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School science or scientists’ science?

Anderson (2003)* defines the work of scientists as making sense of the material world. By “material world,” he means natural and technological phenomena. Anderson describes the work of scientists as collecting many experiences, looking for patterns and developing a small number of explanations. He refers to this process as EPE:

E – Experiences – To scientists, experiences are observations that they can verify. Scientists spend the majority of their time collecting these observations, taking measurements and collecting data.

P – Patterns – From these observations, scientists begin to look for patterns that repeat themselves in the data. These patterns are generalizations that are expressed in graphs, tables, mathematical formulas and laws.

E – Explanations – Scientists then develop theories and models that explain the patterns seen in the experiences (observations).

Explanations answer the “how” and “why” questions of science; they account for many patterns that are seen in a greater number of observations. Scientific explanations are supported by a large evidence base and explain a diversity of phenomena.
When scientists look for patterns in experiences and then develop explanations from those patterns, they are engaging in inquiry. But scientists also use explanations to move back down the triangle to understand patterns and make sense of experiences. This process is called application. Anderson uses the triangle in Figure 1 to represent the EPE model of scientists' work.

Now consider what science looks like in school. How do students learn science? How do your students learn science? What do they do? Take a moment to write down your ideas or discuss them together.

Anderson describes school science as an upside down EPE model. In school, science typically focuses on learning explanations, often through memorization. Most students in school learn a large number of explanations, see a few patterns, and have even fewer experiences. Figure 2 shows the typical school science triangle.

Scientists' science is complex. The work does not happen in isolation. Scientists pool experiences, work together to find patterns and work collectively to develop explanations.

The typical school science version is ineffective. Too many students experience science as the dull memorization of scientific facts and concepts. They don’t engage in the practices of inquiry and application.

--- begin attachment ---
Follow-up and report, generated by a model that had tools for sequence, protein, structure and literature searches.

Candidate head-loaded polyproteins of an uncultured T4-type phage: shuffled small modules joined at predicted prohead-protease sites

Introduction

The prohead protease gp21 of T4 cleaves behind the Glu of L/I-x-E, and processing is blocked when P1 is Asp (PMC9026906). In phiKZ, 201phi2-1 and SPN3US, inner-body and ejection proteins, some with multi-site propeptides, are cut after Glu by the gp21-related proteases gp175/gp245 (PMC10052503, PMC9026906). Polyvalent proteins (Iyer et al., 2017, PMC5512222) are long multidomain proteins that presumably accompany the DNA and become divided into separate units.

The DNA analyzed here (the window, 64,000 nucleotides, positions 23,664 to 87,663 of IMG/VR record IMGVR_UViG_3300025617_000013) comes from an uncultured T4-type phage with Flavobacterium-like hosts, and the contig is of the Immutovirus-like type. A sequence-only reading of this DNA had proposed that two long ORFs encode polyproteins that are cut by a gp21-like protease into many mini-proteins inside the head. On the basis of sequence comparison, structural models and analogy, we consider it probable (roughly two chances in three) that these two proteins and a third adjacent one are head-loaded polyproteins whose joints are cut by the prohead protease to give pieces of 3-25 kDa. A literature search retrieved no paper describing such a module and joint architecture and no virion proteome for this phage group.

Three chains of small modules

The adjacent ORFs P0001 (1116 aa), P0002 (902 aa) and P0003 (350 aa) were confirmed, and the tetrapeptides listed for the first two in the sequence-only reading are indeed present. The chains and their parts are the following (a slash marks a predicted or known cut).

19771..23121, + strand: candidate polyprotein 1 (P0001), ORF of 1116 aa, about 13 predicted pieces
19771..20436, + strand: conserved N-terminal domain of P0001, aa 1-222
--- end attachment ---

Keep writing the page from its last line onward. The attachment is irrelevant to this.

Anderson suggests that school science might begin to look more like scientists’ science if we teachers paid attention to the experiences that we give our students, the patterns that they see and the explanations that account for those patterns. We need to engage our students in inquiry and application.

For your next unit, consider using the following table to help you think about and organize the experiences you want your students to engage in, the patterns you will help them see and the explanations that they will learn or develop to account for those experiences. Also think through the application process and consider how your students will then use the explanations to make sense of other patterns and experiences. If your table has lots of entries under the explanations column and few entries under the experiences column, think about what you might be able to do to provide more experiences for your students. In this way, you can make your science classes begin to look more like scientists’ science and less like school science. If you have many experiences and few patterns or explanations, you may want to think more deeply about why you are having students do the activities you have chosen.

Example: How do shadows form?




In what experiences will you engage students?

Shadow scavenger hunt outside – what makes shadows?

Making shadows with flashlights.

Trying to make shadows with objects of different opacities.

Modeling the path of light with yarn.

Predicting shadows at different times of the day – where will my shadow be?

Prediction of shadows at different times of the day and in different places--when do I not see my shadow?

What patterns from the experiences will students see or learn?


Shadows only form when there is light.

Shadows are formed by opaque objects.

Shadows are not formed by translucent objects.

What explanations will students learn or develop to account for the patterns?

Example: Shadows form when light, traveling in a straight line, is blocked by an opaque object.




*Anderson, C. W. (2003). Teaching Science for Motivation and Understanding. East Lansing: Michigan State University.

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